“a plan”: graduate in two years, then get a
master’s in public policy while also securing a
husband, “have a kid by 27 and have a second
one on the way by 29 and not be my parents, who had me at
33.” He then foresees running for office while
running the books for a local resort. He says he wants
“to be gay, but I want to be normal.”
If some chinks can be perceived in
it’s-really-not-a-big-deal-to-be-gay armor, it is
worth observing that most true leaders are rife with
contradiction. In Travis’s case, the
decisiveness that he displayed at Hamburger Mary’s
and elsewhere can be a real double-edged sword: He
doesn’t seem prone to dwelling on an issue
before it lands directly before him or all that keen on
ruminating over it once he’s made his decision.
To wit: He says he never really considered the
question “Was I born gay?” until someone
asked it of him in college. He thought back to his middle
school years spent in an arts school studying dance and
hanging with a gaggle of openly gay kids; to his
parents’ divorce and their remarriage to other
people; his father’s death; being the youngest of
five siblings and the only boy among them (two of his
sisters are stepsiblings and one is a half sibling);
and going through adolescence surrounded by females.
He decided that when it came to his sexuality, “all
fingers point to conditioning.” He understands
it is very much a minority view. “I’m not
saying that no one’s born gay. I’m just saying
I don’t think that I was.” He hesitates.
“Weird, right?”
Travis sighs, his face for the first time
subdued and serious. He talks about feeling pressure
to always achieve—from whom or what, he’s not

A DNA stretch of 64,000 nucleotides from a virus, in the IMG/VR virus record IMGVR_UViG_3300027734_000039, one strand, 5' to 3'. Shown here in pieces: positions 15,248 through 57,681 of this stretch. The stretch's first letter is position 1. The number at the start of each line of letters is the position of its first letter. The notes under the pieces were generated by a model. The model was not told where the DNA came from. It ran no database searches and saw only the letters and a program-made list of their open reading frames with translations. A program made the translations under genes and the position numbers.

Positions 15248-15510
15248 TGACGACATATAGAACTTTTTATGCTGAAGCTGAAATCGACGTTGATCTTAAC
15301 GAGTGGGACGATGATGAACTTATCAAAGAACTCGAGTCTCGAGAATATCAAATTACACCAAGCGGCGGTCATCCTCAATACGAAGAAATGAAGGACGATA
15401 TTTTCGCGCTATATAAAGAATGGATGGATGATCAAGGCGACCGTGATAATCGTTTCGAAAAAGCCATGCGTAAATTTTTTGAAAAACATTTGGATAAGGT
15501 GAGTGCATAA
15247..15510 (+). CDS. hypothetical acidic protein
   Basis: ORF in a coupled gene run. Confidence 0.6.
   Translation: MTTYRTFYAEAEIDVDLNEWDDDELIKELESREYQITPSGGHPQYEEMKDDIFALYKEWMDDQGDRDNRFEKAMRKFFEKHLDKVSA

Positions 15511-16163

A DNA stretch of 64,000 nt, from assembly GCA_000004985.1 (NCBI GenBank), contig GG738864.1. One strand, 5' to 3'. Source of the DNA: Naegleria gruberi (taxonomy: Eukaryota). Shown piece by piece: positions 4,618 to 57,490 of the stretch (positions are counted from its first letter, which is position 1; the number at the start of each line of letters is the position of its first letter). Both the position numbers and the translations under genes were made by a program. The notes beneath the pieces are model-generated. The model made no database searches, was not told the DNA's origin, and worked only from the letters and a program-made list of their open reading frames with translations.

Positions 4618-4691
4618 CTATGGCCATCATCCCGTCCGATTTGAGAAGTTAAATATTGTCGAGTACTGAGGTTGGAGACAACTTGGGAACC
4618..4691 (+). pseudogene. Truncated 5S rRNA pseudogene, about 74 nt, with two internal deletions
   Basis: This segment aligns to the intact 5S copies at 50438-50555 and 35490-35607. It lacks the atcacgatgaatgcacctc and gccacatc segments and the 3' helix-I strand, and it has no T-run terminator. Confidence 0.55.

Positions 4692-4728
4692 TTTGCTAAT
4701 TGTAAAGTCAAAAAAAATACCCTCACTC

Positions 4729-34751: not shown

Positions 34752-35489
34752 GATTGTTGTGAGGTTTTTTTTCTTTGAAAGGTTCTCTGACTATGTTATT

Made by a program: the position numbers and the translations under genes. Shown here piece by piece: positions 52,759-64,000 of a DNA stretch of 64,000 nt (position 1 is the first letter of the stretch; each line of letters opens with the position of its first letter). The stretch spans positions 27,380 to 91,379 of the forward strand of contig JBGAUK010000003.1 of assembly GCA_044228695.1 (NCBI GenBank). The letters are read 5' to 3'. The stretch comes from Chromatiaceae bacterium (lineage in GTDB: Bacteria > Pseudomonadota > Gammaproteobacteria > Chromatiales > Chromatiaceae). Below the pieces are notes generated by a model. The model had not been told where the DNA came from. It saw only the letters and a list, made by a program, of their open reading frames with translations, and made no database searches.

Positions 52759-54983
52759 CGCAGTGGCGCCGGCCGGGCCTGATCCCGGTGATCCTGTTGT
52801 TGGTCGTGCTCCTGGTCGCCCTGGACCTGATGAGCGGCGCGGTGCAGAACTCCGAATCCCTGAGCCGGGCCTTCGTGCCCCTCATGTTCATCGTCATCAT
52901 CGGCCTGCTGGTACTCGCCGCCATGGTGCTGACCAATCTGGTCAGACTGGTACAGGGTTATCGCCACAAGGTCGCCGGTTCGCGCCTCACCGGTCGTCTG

really sure. Then this slips out: “I think
it’s because I want to overcompensate because
I’m afraid that people won’t like me because
I’m gay.” Sure, his high school voted
him student body president. Sure, he has never been
bullied or physically intimidated because he was gay.
Sure, he has mentors who have taught him about Stonewall. It
doesn’t mean homophobia hasn’t wormed
its way inside Travis’s psyche.
“I am so proud of being gay,” he
says, “but can’t I be Travis the
president? The common thing I get is ‘gay Travis, the
tall cheerleader.’ Can I just not be that
anymore? Can I just be Travis who is gay and loves
being gay and that’s great, it’s a part of his
life, but Travis who has achieved great things and
Travis who has goals and ambitions to make a
difference while being gay?
“The one thing that makes me so upset
about people is being defined [by their sexuality
labels],” he says. “I don’t own
anything that has a rainbow on it. I just don’t
feel like I need to wear it on my sleeve. I
don’t need to impose my sexual orientation on others
in such a blunt way. I love to talk about it when
people ask me about it. I rode in the gay pride parade
in Phoenix two weekends ago—I’m proud to be
gay, but I’m saying I feel like it perpetuates
the stereotypes when we’re defined [solely] by
our sexuality.”

Tags: World, World